Nigerian Dwarf Dairy Goats

for people who love the littlest dairy goats

Is anyone on this forum using Oil of Orgena as a dewormer?  Would love to know if its a good alternative, or perhaps supplement to chemical wormers.

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2 months... And I asked you a question on another thread about poisonous plants if you get a chance...  http://nigeriandwarfgoats.ning.com/forum/topics/safe-woodland-brows...

Thanks again for your help!

If this person seriously puts kids on de-methox at birth, she knows nothing about the disease or the drug. The life cycle of coccidia is three weeks, so she's wasting her money for the first three weeks. If a kid gets diarrhea before three weeks, it's from something else. I've never heard of anyone putting a kid on a coccidia preventative any earlier than three weeks. And the more common practice is to do preventative for two weeks a couple of different times at the most, like two to four weeks of age and then at 8 to 10 weeks or something like that. Apparently this person subscribes to the "if a little is good, more is better" philosophy, which is just wrong. Goats will have coccidia in their system, and they need to develop resistance to it. So, you are not doing them any favors by keeping them on medication all the time. It's like putting someone on antibiotics all the time. The sooner the kid is off the di-methox, the better. If the kid has zero or a very small load of coccidia in her system when she arrives at your place, you probably won't see a problem any sooner than 3-4 weeks, and if she picks up coccidia from your goats, they should still be treatable with a sulfa drug (hopefully).

OK, Thanks, I know very little as these are my very first goats, but I like to question... well... Everything. Thanks for the advice! I'm hoping it will go well even with a rough start! And I can't guarantee that she started before 3 weeks, just the way she explained it to me seemed like she had done it from very early on... So, perhaps she's waited. But I don't know. Maybe I should know more, but like I said, it's my first set of goats, so I'm still obviously learning.. A lot. Thanks again! Planning to purchase the book now :)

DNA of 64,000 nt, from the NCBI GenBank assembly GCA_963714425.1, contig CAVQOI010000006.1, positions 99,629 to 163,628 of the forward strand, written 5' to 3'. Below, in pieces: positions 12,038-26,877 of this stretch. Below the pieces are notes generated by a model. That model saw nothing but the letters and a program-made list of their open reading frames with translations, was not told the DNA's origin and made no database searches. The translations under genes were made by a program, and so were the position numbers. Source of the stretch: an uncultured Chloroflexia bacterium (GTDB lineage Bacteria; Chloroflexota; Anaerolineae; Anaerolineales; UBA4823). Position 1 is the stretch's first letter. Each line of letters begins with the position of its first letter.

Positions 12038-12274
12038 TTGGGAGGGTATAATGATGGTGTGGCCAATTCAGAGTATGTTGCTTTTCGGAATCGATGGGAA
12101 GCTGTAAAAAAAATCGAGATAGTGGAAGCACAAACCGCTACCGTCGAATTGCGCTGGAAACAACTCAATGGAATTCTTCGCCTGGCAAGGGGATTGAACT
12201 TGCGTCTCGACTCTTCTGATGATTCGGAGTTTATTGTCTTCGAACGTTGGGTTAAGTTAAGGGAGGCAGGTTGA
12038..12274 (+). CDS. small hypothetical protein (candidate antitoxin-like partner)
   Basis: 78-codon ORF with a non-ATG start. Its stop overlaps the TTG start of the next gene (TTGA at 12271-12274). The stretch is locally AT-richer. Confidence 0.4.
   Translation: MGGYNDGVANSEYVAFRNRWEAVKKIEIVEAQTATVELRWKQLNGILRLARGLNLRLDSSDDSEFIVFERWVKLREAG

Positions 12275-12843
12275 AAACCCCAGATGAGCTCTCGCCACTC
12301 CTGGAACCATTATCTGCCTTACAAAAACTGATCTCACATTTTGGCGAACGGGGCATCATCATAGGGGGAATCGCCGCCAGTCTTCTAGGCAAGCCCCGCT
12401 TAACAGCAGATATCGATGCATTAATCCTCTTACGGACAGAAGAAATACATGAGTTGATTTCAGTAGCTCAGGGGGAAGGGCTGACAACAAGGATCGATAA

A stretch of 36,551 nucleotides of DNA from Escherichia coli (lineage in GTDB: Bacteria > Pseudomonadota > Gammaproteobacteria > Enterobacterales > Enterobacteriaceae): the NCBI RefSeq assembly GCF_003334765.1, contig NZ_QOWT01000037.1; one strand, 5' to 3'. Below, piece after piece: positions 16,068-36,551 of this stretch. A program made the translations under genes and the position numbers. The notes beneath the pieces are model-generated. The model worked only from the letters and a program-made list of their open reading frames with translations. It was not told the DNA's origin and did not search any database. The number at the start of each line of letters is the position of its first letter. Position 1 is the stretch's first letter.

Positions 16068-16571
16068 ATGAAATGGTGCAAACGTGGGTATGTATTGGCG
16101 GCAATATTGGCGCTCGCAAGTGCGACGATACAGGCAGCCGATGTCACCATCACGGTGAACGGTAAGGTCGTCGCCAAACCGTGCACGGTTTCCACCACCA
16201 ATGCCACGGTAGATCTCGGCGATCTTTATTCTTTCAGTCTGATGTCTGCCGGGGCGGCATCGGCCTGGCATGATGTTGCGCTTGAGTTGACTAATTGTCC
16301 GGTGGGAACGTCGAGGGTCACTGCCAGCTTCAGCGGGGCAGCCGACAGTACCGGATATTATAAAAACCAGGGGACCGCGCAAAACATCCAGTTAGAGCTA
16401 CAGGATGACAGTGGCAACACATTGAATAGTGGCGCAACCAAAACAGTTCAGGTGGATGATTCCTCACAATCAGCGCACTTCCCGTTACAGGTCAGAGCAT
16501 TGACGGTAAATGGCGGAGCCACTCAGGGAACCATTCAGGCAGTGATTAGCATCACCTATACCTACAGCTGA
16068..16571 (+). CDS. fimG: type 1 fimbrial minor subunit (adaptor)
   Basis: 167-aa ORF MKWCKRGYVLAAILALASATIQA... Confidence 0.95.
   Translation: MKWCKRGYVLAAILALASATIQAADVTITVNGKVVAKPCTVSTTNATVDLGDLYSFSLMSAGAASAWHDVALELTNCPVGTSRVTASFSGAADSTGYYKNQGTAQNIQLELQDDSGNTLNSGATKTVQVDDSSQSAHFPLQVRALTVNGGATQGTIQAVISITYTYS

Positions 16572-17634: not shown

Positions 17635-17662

The feed with medication I use has Descoquinate.  I have been doing this with breeding and babies for 5 years and have not issues or problems and healthy goats, never had a disease. As a note:  Every person and breeder does things their own way and there is no right or wrong unless there is gross misconduct or neglect.  I have found through personal experience on several forums you can get 20 different answers to a problem even with a video, you can get a different vets and people saying different things.  :-(

Yeah, that's what is driving me a bit nutty... Guess we'll do what I see as essential and be ready to figure things out and do what is necessary. Thanks for all your help! It at least makes me not feel like a horrible person for not wanting to do the meds that the previous owner is recommending! 

If you are milking your goats for human consumption, you are not supposed to feed them a medicated feed because it gets in the milk. No one knows what it will do to you, but most of us have dairy animals so that we can have drug-free milk, so giving drugs to a milk goat kind of defeats the purpose. But if your goats are just pets, and you're not drinking their milk, then it's not a big deal.